Dubai, November 14
Australia won their maiden T20 World Cup title after beating New Zealand by 8 wickets in the final.
Mitchell Marsh remained unbeaten on 77.
Earlier, skipper Kane Williamson scored 85, which took New Zealand to a competitive 172 for four against Australia in the T20 World Cup final here on Sunday.
Put into bat, New Zealand literally struggled in the first 10 overs with Martin Guptill’s painful 28 off 35 balls slowing the proceedings.
Williamson made the stage his own with a grace of a ‘ballet dancer’ hitting 10 fours and three sixes in his 47-ball knock.
In the last 10 overs, New Zealand scored an astounding 115 runs to make a match of the ‘Grand Finale’.
Williamson shifting gears with such ease that it was a treat to watch him play. The first 16 deliveries that he faced fetched him only 15 runs as Adam Zampa was back then in the midst of a good spell while Guptill’s scratchy form also affected the skipper.
But once, he decided that he needed to get a move-on, he hit all those copybook shots at his own free-will scoring 70 off the next 31 deliveries.
The Black Caps skipper showed why he is one of the modern-day greats during the back-10 as he strategically took the attack back to the opposition camp. He became the captain with the highest score in a T20 World Cup final surpassing Kumar Sangakkara.
He first turned the tide in the 11th over when he launched into Mitchell Starc (0/60 in 4 overs) taking 19 off his over including a dropped catch behind square by Josh Hazlewood.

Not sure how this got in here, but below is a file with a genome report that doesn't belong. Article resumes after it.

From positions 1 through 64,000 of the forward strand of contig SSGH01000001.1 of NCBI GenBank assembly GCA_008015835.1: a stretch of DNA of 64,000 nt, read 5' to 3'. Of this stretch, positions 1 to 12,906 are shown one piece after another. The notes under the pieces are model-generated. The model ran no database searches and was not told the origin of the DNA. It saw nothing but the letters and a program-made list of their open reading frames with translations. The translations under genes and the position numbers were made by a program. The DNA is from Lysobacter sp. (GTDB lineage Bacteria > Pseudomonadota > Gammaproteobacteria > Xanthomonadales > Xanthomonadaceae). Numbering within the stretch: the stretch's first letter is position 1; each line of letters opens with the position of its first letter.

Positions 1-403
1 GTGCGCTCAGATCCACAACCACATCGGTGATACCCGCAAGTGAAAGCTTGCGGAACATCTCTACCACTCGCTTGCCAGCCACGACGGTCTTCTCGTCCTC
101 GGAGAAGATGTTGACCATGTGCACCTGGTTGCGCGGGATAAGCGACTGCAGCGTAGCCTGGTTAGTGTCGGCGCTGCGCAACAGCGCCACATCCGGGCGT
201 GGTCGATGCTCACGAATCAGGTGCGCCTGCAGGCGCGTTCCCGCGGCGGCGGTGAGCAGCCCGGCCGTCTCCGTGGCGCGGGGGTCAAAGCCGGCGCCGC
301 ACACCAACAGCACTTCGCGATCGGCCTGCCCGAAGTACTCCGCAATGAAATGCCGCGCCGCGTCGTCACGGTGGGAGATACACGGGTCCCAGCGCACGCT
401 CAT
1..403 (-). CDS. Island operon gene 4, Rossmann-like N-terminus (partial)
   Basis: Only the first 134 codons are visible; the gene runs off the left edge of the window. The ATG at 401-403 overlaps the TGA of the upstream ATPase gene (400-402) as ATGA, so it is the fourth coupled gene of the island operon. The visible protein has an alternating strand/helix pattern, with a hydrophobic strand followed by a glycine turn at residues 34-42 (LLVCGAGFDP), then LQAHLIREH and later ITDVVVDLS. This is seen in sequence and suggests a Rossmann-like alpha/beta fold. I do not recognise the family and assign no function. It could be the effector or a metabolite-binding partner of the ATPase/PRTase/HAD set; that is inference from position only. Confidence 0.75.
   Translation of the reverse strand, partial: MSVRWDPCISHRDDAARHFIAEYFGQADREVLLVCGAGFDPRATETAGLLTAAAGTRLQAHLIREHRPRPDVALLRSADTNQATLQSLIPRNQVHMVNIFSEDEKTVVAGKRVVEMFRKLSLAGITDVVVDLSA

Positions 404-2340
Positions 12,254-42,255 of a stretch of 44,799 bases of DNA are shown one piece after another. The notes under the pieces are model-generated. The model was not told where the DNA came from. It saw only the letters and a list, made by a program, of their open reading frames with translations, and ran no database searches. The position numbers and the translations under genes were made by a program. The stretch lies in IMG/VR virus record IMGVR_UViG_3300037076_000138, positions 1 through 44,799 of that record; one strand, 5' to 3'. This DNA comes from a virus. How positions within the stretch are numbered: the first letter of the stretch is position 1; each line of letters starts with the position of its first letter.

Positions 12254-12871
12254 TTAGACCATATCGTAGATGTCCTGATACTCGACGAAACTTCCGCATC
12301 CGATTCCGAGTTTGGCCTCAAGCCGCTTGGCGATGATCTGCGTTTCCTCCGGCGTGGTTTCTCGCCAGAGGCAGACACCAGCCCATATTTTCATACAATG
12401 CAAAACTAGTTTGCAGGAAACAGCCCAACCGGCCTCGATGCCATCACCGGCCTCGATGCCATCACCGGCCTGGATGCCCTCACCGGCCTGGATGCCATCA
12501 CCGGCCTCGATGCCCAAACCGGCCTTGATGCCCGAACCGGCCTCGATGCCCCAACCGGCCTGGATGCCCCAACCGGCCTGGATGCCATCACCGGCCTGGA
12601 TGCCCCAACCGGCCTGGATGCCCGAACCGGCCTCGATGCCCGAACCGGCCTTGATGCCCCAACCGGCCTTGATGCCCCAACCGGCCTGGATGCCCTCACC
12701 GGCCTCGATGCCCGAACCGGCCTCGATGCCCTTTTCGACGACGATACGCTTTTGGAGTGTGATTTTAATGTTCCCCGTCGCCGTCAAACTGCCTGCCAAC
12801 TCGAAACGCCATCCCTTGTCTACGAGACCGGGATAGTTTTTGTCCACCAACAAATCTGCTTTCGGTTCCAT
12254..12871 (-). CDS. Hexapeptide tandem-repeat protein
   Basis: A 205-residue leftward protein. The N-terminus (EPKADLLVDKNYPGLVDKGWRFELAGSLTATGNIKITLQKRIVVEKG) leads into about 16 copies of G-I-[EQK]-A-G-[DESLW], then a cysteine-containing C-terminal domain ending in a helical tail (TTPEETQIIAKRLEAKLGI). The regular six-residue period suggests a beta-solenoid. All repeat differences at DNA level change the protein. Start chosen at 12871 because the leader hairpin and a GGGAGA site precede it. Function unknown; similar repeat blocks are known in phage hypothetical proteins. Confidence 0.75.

The manner in which he creamed Starc through mid-off by charging down the track, was the most delightful one among the three that he smashed in that over.
When Starc came for his third over and team’s 16th, his confidence was already shaken and Williamson made a mockery of him with class of Test match batting mixed with a dash of T20 flair.
One for the ages was a ‘pick-up flick’ when Starc dragged one into his pads and it soared into the Dubai skyline before landing in the gallery.
If Starc’s second over was very bad, the worse came in his third which yielded the Kiwis 24 runs including four fours and a six.
It was a ‘half-century’ of ignominy that he would like to forget and also forgive Josh Hazlewood for what could possibly be a ‘match-turning’ bungle. Hazlewood (3/16 in 4 overs) though was pick of bowlers along with Adam Zampa (1/24 in 4 overs).
The first half of the night certainly belonged to Williamson, who again reiterated the age-old saying — a technically accomplished Test batter can play any format with authority as he did during an en evening when it mattered the most. PTI